Steve Aoki on the influence music has on fashion and sustainability – Business Insider
Music and streetwear could have the ability to popularize sustainable fashion among the masses.
DJ Steve Aoki spoke about the power music has at the second Fashinnovation conference, held on June 5 and June 8, where industry experts gathered to discuss the future of sustainability in the fashion industry.
Imagine, for a moment, a world where rappers wrote rap songs about eco-friendly fashion.
Those rappers, many of whom are currently the drivers of streetwear culture, could become the spokespeople for a greener environment. Streetwear brands might jump on the bandwagon, maybe making sweaters out of hemp and t-shirts out of organic cotton.
Then there’s the potential effect on fans. Fans might come to see eco-consciousness as something fun, something cool. It could become a new cycle: Sing about sustainability, thereby influencing sustainable fashion trends, thereby making “sustainable-heads” the new “sneakerheads.”
That might be an imaginary world right now, but in a recent interview with Business Insider, world-renowned DJ Steve Aoki said the power of music is so massive that it’s not out of the question.
“When you have certain artists wearing certain brands — it builds upon the community and helps build upon the culture of streetwear, of hip hop, of whatever else music that’s brewing,” Aoki said. “Music goes hand in hand with fashion … [and] music is one of the most important ways to shape culture, period.”
Samata Pattinson, the CEO of Red Carpet Green Dress, a company that places sustainable gowns on red carpets, furthered this idea. She told Business Insider she believes there could be a link between music, fashion, and the sustainable fashion movement — which means that an imaginary world where rappers sing about eco-friendly looks doesn’t have to be so far off.
“Part of the identity of music is talking, is dialogue, is lyrics,” Aoki said. “That’s how culture is created a lot of the time, because of how certain artists will say the same thing and become unified with that idea.”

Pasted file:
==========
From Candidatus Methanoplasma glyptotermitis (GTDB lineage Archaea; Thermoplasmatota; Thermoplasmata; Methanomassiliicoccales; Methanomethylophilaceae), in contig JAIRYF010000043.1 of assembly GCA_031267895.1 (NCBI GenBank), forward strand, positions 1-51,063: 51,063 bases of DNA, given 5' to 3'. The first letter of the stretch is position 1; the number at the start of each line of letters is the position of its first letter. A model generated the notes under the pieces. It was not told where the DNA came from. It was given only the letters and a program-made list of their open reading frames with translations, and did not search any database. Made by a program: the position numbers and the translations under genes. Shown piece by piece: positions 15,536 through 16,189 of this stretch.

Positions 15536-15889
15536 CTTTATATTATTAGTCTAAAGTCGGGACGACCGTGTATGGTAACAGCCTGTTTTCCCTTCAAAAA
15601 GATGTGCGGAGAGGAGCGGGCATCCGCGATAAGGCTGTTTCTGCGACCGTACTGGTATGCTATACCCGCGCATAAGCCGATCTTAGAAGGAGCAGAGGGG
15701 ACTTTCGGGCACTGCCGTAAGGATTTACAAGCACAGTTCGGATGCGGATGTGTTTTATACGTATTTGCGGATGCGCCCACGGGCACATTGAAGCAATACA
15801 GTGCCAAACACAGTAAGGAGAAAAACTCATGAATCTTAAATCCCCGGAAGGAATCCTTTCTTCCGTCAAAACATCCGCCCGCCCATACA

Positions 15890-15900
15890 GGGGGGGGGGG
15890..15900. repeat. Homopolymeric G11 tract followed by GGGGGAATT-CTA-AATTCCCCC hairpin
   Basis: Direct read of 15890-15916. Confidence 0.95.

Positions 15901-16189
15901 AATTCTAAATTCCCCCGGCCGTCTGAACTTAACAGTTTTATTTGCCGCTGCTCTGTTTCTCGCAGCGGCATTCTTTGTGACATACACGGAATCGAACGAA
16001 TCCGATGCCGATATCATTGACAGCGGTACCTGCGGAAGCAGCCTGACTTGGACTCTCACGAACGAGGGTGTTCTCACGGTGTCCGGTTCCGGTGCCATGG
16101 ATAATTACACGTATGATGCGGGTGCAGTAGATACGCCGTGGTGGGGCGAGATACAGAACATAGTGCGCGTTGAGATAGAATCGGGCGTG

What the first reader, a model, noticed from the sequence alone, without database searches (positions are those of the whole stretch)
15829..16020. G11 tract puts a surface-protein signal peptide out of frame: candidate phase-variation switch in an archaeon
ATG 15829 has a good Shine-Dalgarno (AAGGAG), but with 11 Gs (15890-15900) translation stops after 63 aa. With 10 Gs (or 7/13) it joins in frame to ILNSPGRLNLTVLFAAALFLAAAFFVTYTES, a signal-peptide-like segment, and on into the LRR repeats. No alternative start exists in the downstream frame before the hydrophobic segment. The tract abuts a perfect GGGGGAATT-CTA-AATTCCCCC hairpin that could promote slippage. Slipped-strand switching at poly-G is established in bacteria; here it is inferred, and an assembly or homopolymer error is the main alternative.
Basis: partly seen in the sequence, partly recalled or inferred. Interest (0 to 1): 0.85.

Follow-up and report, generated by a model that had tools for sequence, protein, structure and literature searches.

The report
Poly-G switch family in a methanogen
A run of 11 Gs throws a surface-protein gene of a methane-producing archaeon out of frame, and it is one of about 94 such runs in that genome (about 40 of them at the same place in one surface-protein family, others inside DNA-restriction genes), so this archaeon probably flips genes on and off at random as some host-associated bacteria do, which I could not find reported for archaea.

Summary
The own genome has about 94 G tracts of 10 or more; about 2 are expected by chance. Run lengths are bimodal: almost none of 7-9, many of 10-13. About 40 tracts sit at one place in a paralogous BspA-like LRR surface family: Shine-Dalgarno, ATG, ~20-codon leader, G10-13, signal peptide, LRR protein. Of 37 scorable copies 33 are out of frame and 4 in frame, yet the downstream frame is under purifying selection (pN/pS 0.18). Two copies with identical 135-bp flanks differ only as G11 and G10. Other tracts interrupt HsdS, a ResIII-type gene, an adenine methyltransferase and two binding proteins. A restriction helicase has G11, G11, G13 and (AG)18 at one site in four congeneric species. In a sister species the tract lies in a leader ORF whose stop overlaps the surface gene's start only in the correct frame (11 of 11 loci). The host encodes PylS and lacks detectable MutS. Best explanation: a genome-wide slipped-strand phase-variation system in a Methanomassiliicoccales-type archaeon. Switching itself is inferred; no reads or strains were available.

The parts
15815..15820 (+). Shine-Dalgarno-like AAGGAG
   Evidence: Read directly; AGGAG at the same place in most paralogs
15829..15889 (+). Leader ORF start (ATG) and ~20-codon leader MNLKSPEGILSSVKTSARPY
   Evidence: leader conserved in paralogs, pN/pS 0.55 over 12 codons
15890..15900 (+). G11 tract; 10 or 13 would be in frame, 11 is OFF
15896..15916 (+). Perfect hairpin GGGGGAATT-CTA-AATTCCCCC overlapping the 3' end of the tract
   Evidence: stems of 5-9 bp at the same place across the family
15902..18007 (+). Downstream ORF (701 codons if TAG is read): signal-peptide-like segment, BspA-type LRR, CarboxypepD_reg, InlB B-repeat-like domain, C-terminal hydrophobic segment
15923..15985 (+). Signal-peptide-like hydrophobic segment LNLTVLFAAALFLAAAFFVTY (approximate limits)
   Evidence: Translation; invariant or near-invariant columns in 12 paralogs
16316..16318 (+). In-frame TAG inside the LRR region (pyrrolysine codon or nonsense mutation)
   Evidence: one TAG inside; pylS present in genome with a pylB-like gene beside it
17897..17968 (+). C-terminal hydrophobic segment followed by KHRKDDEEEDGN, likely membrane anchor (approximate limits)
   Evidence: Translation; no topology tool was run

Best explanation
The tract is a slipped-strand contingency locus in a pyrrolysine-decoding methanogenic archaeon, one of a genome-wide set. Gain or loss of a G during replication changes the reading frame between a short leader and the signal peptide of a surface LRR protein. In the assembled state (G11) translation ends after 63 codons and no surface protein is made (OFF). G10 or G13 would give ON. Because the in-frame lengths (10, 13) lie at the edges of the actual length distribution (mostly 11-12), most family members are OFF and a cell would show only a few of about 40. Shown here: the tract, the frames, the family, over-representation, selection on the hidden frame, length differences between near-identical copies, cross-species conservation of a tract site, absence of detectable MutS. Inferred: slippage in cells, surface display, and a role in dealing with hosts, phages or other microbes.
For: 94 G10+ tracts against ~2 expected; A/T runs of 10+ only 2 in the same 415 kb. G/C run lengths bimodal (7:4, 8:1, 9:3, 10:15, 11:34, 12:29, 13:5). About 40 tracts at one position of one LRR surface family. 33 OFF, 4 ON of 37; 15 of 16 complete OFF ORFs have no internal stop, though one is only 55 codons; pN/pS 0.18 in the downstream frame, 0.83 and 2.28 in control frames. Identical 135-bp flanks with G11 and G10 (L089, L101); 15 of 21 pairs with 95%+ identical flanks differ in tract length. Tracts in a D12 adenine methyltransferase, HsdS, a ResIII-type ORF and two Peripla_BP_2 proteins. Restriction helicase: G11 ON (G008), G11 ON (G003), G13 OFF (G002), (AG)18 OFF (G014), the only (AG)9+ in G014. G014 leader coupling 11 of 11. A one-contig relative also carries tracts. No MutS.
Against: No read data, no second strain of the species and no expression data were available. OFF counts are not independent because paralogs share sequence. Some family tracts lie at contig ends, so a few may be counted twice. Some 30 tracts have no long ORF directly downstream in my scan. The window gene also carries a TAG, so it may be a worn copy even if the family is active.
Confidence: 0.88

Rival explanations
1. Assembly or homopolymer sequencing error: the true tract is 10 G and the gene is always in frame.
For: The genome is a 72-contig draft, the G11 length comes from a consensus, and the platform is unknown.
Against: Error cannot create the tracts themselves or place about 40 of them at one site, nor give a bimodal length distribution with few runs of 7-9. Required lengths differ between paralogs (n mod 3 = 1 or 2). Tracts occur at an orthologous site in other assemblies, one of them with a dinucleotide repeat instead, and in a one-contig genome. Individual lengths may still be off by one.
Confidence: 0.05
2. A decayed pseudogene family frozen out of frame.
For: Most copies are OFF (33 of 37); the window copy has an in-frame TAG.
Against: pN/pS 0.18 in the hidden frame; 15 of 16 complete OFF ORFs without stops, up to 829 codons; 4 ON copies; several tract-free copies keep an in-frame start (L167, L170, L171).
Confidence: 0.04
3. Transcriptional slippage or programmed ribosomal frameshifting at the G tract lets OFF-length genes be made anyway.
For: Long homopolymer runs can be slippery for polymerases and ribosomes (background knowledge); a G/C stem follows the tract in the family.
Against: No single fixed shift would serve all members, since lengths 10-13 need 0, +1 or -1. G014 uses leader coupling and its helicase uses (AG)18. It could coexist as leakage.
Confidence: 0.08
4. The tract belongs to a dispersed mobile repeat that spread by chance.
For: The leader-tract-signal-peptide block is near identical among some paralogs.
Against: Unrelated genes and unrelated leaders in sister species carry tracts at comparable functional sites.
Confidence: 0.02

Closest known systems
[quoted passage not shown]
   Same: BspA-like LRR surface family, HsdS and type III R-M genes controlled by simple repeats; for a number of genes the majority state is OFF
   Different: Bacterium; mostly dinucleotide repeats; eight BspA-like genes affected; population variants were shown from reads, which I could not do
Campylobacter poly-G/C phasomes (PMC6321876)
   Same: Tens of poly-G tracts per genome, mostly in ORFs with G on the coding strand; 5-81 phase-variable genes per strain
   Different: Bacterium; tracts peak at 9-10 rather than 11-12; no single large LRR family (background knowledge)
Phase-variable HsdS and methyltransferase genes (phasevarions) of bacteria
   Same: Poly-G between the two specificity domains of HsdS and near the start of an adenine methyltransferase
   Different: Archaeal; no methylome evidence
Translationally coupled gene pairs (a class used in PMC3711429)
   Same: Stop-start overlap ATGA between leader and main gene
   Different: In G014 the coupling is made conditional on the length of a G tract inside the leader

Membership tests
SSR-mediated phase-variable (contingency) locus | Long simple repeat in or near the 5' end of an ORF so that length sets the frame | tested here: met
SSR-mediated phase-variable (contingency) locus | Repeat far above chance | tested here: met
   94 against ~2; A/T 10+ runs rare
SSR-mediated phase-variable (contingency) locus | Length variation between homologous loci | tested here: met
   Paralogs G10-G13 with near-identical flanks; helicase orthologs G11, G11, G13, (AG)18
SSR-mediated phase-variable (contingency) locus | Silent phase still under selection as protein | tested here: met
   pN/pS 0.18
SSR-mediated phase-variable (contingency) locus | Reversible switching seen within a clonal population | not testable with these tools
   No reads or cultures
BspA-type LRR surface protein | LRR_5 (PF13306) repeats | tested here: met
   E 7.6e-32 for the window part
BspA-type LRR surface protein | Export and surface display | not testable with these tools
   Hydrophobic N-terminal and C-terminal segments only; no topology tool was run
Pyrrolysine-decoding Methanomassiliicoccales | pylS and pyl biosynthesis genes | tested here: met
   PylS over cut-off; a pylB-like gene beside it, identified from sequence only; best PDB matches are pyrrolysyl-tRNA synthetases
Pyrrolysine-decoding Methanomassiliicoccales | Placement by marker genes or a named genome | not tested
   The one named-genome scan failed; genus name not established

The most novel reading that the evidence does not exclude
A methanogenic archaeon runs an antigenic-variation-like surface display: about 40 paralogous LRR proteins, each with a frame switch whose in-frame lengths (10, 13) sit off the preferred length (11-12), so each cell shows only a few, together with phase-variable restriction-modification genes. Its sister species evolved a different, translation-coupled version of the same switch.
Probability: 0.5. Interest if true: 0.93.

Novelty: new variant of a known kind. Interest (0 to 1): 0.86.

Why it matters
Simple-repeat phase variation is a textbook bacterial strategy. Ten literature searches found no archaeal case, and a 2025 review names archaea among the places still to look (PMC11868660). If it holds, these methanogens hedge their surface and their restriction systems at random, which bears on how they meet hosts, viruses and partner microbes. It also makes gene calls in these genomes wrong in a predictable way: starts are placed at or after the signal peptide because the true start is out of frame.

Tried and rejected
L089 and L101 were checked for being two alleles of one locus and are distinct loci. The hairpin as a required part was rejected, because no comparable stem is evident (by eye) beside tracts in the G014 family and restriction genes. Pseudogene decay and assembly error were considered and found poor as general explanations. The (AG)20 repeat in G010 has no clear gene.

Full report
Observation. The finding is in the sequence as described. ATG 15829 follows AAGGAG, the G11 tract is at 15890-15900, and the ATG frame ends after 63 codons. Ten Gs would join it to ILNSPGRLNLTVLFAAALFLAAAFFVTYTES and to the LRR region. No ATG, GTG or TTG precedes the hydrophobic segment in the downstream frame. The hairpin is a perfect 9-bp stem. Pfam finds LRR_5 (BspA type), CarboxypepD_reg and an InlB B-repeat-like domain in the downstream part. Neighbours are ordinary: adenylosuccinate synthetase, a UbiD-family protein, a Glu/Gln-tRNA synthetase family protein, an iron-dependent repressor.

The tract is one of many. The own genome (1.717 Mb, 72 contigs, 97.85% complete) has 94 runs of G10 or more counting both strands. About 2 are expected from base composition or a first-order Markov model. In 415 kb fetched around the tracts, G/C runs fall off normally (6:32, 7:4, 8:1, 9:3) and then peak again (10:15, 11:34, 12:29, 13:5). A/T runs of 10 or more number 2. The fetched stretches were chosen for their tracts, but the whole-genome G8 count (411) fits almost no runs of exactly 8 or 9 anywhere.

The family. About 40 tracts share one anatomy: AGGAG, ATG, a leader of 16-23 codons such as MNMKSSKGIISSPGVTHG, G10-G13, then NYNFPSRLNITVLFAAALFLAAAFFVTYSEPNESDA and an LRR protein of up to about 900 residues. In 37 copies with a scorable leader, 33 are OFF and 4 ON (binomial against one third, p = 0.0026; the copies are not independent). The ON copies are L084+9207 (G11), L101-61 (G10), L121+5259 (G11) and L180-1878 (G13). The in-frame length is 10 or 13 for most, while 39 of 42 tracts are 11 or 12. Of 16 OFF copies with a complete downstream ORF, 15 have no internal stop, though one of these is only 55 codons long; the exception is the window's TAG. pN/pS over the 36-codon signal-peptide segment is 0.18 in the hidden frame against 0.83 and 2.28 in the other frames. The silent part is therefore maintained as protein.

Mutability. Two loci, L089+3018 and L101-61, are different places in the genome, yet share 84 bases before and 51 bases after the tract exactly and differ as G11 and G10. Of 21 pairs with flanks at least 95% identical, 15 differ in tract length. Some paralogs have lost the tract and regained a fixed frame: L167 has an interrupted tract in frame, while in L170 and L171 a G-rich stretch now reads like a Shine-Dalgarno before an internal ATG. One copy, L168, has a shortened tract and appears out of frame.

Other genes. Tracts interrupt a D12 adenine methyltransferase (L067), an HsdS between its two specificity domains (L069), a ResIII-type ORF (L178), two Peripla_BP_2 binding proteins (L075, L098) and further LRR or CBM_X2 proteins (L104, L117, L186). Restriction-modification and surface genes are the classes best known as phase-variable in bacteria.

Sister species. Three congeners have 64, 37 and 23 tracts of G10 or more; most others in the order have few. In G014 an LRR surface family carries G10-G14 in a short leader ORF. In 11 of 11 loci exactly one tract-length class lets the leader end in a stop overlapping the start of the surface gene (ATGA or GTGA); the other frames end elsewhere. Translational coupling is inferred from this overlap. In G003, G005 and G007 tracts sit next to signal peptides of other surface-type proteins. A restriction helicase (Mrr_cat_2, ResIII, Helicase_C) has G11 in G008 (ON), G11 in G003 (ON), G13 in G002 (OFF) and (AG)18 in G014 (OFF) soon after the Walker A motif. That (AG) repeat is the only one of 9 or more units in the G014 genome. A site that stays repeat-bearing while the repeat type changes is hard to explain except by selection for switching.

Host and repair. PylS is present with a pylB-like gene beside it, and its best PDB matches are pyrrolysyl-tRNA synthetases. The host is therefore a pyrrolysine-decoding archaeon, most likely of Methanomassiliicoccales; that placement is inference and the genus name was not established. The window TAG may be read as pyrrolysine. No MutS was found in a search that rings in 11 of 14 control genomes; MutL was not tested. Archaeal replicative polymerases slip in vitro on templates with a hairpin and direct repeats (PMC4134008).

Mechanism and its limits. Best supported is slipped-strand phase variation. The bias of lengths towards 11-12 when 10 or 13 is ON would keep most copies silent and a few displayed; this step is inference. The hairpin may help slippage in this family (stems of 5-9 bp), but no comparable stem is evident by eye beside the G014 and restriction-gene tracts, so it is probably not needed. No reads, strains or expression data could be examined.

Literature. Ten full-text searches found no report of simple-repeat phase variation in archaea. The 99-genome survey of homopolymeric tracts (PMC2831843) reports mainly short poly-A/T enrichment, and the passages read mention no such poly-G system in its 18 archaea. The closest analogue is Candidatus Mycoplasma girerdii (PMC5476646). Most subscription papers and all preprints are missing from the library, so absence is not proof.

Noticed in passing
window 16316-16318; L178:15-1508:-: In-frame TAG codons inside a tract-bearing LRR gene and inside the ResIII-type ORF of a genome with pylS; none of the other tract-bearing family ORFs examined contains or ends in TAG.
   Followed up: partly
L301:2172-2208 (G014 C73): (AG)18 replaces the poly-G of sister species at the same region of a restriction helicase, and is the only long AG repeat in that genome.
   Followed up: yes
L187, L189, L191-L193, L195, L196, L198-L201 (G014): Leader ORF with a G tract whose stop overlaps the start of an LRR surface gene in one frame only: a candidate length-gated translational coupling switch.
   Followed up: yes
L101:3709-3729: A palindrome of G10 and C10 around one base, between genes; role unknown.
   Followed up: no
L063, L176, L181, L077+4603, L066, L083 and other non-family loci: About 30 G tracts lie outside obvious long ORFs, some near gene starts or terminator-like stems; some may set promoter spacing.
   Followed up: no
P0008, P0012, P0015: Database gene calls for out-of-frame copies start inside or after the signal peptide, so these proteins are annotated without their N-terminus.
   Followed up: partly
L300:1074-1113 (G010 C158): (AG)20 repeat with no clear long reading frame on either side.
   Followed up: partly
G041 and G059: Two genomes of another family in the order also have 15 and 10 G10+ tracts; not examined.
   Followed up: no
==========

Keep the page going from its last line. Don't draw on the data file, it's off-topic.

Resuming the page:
In other words, if famous artists began singing and talking more about sustainability and pushing more for eco-conscious options, it could make those ideals seem “cool” to their audiences.
As reported by Aoibhinn McBride for Graziame, Coachella was set to team up with the nonprofit Global Inheritance for the 2020 festival, before it was canceled because of the pandemic. The two organizations were also set to hold a competition for artists to design recycling bins, with the winners being awarded passes to the festival. According to McBride, Coachella also announced a partnership with the eco-friendly Everybody World brand, which was set to create official merchandise for the festival.
Meanwhile, Eilish told Jimmy Fallon in September that her world tour would be “as green as possible.” There would be no plastic straws, Eilish said: Fans would bring their own water bottles and recycling cans would be everywhere.
Pattinson noted that while these examples are a start, there is “so much more to be done” — and the key to making sustainability stick is proving that it has a positive impact on businesses’ bottom lines.
“For an archaic, really established, old organization, it’s not about being cool — it’s about the bottom line,” Pattinson continued. “But maybe it will start making business sense when they start losing customers, and they will say, ‘Okay, there’s a business case for sustainability.'”
Music has the power to make sustainability desirable
But if there is a link between music, fashion, and sustainability, a synergy will need to be created in order to bring the topic of sustainability beyond one track on an album and one collection in a season.
Aoki pointed out that six months often pass between a fashion collection being shown and actually dropping. Meanwhile, artists can drop one single one week, and a completely different one the next. A repetitive cycle would have to exist between the two in order to begin the integration of sustainability into everyday conversation.
The hope, Pattinson said, is that one day, a new generation of leaders will emerge who grew up in a culture that normalized eco-conscious behavior. Music could be the bridge to make sustainability desirable — and to start the conversation now among the young consumers who are poised to become the world’s next changemakers.
“We don’t need to wait five to 10 years for this young generation to get experience. We can mentor them, we can give them the experience now,” Pattinson said. “But we need to look beyond the fashion industry for this dialogue, and it could be through music.”